To the right of this rock is another wonder, Snoopy stargazing on top of his doghouse, complete with a rock silhouette of the knob of his famous schnozz. "The more I see it the more it looks like Snoopy," says the spiky haired, blue-eyed young man in the restaurant. And it's true.
This exercise in free-association, documented in the wry little guidebook by Barry Friedman, "Hey, What's the name of that Rock?" is part of the experience in Sedona. On day three I nearly drove off the highway (my usual rental car fiasco: feet struggling to reach pedals) as I identified enormous formations on the fly.
The vision, or truth, of the stone varies depending on your perspective, and the amount of time you spend honoring it with your contemplation. As in life, the clearer picture comes into focus with distance and a little relaxation.
Local myth holds that Walt Disney lived in Sedona around 1940, at the base of Thunder Mountain, possibly providing ideas for Mussorgsky's Night on Bald Mountain in Fantasia. Perhaps the landscape, sun, sky and storms of this timeless place inspired Walt to create what was the radically new art of this classic film.
As I sit outside on the balcony around midnight and watch the lightning crack down across the sky onto these lumbering ancestral forms, I think of Fantasia's Pastoral Symphony by Beethoven. You can see the Sedona sky as Zeus peers down from billowy dark clouds. Vulcan forges lightning bolts which Zeus gleefully aims at the merrymakers below during the sudden, brief storm.
Much of the cartoon landscape in Stravinsky's Rite of Spring in Fantasia, showing the sculpting of the planet via an inland sea, looks like Sedona, too. I swear that's Courthouse Butte there in the background!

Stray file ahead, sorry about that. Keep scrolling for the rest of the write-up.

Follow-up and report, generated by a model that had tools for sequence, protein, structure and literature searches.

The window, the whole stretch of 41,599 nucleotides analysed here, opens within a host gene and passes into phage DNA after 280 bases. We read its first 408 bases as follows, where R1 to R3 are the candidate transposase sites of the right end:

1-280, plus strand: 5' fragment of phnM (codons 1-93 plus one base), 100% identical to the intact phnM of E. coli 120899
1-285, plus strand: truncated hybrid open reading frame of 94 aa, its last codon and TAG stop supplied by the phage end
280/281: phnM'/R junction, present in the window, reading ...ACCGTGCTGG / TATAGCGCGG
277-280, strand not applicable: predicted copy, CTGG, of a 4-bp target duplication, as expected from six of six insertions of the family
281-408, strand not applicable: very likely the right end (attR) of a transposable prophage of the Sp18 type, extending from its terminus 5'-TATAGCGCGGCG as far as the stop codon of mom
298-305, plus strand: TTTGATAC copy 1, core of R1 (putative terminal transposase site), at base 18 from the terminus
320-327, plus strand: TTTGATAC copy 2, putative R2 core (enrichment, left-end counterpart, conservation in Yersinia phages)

How they tittered at the park information center when I asked them about a rock formation depicting a certain unmistakable act of lovemaking. These two ladies have been around a bit, with smiling faces and bright eyes, brighter at the mention of this naughty rock.
"Well, we've heard of it but never seen it," one said, then got so flustered when I showed them both a photo (uploaded by some happy Brazilian tourists) that she forgot to give me the recreational pass I'd just purchased.
It took a 3rd generation local, the lovely Julia at the Amara Spa, to give me the scoop on Blow Job Rock. "The easiest one to remember," she laughs, "and once you see it, you see it everywhere." There it was, hiding in plain view, visible across the alluvial plain from a terrace just above the hotel. Like an Ebbinghaus illusion, it captures my eye and I can't stop looking: Sedona's funniest rock formation.
Much to my surprise (and secret dismay), my Mom (who dreamed of being a pilot when she was a girl) opted for a helicopter flight with Sedona Air Tours, so on our last morning in this amazing place we climbed up into the air in a bright red helicopter piloted by a wonderful, wise septuagenarian. We learned all that we could from him as we flew past Balancing Rock and through enchanted slot canyons, admiring monoliths pulsating with energy, ancient cliff-dwellings, and the awe-inspiring way the mesas meet the sky.
Spending the week with Mom helped me regress to a more child-like point of view, so when I see Balancing Rock I flash on Wile E. Coyote and his timeless search for fulfillment. How we can all relate to his perpetual frustration, despite his beautiful surroundings! If only he and the Road Runner could have sat around a campfire, drank tea and talked about the meaning of life. Not enough drama or fun for a cartoon though. Maybe that dramatic tension is precisely what we need to stay in balance, after all.Red Rock photos by Barry Friedman
Balancing Rock photo by Linda Sonrisa, battling vertigo!